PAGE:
Also note that most of the oak is of sprout origin (coppice) as evidenced by multiple stems.

 

One reaches the Raccoon Ledges area about 1/3 mile up the trail. The pile of terminal moraine boulders (Raccoon Ledges) north of the trail has probably defied most vegetation since its deposition. Only lichens (e.g. Peltigera sp.) and the common polyplody fern (Polypodium vulgare) have managed establishment, mainly because they can withstand the severely droughty conditions on rocks. As you already know, lichens are combinations of algae and fungi living in blatant symbiosis. Many of the Peltigera lichens have a cyanobacterial symbiant which can fix atmospheric nitrogen. “So what”, you say. I say, “Every little bit counts”.

 

I believe this may be the spot that modernist Marsden Hartley used as subject for his famous painting titled Dogtown. His In the Moraine and Blueberry Hill also look familiar to areas I’ve seen in the Common. Last I looked Dogtown was selling for about $750,000.

 

Figure 5. Terminal moraine boulders near Raccoon Ledges.

Note common polyplody ferns on rock at right foreground.

 

Return to “13” by retracing steps. Proceed down (SE) through a dense stand of young beech. Then very steeply down through boulders to base of hill where you will be greeted by a great primitive boulder wall west of the trail. One imagines back to the 1600’s (?) when these stones were rolled into a line by oxen and men. What were they keeping in – or out - in this boulder field? If a property line, why not iron stakes?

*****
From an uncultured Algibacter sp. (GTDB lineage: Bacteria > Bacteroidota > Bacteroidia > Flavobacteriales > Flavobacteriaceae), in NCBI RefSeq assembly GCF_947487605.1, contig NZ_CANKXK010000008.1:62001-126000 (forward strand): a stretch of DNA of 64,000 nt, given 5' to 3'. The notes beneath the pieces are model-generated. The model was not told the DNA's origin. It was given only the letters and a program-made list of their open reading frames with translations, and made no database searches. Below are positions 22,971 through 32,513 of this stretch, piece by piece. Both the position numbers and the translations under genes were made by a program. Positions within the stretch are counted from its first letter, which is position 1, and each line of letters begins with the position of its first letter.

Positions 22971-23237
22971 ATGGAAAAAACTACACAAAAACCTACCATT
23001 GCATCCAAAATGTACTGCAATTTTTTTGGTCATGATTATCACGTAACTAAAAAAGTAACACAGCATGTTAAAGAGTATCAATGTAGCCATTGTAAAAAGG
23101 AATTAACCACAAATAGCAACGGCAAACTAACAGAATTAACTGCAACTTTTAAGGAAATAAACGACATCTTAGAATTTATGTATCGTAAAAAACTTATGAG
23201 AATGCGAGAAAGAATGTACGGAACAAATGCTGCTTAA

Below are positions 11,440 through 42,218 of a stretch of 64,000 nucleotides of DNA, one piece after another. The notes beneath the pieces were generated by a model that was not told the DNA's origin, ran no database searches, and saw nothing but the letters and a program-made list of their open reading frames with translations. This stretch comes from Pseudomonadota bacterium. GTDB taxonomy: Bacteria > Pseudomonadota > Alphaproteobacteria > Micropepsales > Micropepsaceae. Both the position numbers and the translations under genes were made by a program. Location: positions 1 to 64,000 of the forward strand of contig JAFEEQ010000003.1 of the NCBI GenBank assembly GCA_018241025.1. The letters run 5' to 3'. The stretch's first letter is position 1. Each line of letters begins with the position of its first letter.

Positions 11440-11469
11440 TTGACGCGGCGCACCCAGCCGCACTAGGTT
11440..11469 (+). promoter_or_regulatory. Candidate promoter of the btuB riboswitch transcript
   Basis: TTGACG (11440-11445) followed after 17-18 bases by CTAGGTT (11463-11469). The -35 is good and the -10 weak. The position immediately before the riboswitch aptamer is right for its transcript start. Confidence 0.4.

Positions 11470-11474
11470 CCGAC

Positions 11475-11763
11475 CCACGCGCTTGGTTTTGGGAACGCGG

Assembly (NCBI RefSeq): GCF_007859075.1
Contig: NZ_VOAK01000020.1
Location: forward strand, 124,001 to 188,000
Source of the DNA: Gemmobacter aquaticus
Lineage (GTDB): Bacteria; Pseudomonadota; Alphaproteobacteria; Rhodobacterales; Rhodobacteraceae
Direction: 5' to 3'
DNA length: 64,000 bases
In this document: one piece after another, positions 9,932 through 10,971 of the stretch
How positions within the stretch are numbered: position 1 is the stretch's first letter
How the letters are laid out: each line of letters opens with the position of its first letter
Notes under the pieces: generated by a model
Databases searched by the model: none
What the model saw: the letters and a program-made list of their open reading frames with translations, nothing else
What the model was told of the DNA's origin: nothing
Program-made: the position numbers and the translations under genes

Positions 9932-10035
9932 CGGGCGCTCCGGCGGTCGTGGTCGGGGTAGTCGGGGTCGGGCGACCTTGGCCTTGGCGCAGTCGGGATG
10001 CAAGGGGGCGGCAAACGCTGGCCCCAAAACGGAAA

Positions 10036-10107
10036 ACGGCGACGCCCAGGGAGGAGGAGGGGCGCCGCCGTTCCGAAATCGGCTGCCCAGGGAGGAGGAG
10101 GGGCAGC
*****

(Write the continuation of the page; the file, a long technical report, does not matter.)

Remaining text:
Figure 6. Typical Dogtown rock wall southeast of “13”.

 

If you are too tired to proceed at this point, you may continue down the trail for 20 yards, intersect a gravel road, cross the railroad (watch out for high-speed trains) and hitch a ride down Rt. 127 to your car at the Babson Museum. Should you wish to complete the walk, step through the opening in the wall and proceed down the trail through beech and sweet birch saplings. Before reaching the swamp edge (which it parallels) the path passes through an opening being vigorously occupied by healthy white pine saplings. This is one of the many scattered openings in Dogtown which support new white pine. Foresters call it “regeneration”. While white pine seedlings may persist in shade for a few years, they ultimately require full sunlight for good growth, and this opening presents good opportunity.

 

The trail quickly becomes wet as we move SW through luxurious stands of cinnamon fern under red maple. It is not well marked, but generally sticks to the base of the moraine at swamp edge. At times we wade through patches of sphagnum moss. I note a relatively rare yellow birch at swamp edge. Sweet pepperbush and spice bush are again abundant in the shrub layer. Quiet in the late summer afternoon, I imagine the sound of frogs in spring. Look carefully for the side trail back to the museum – or you will go around again.

 

Figure 7. Luxurious cinnamon fern under red maple at edge of Babson Swamp.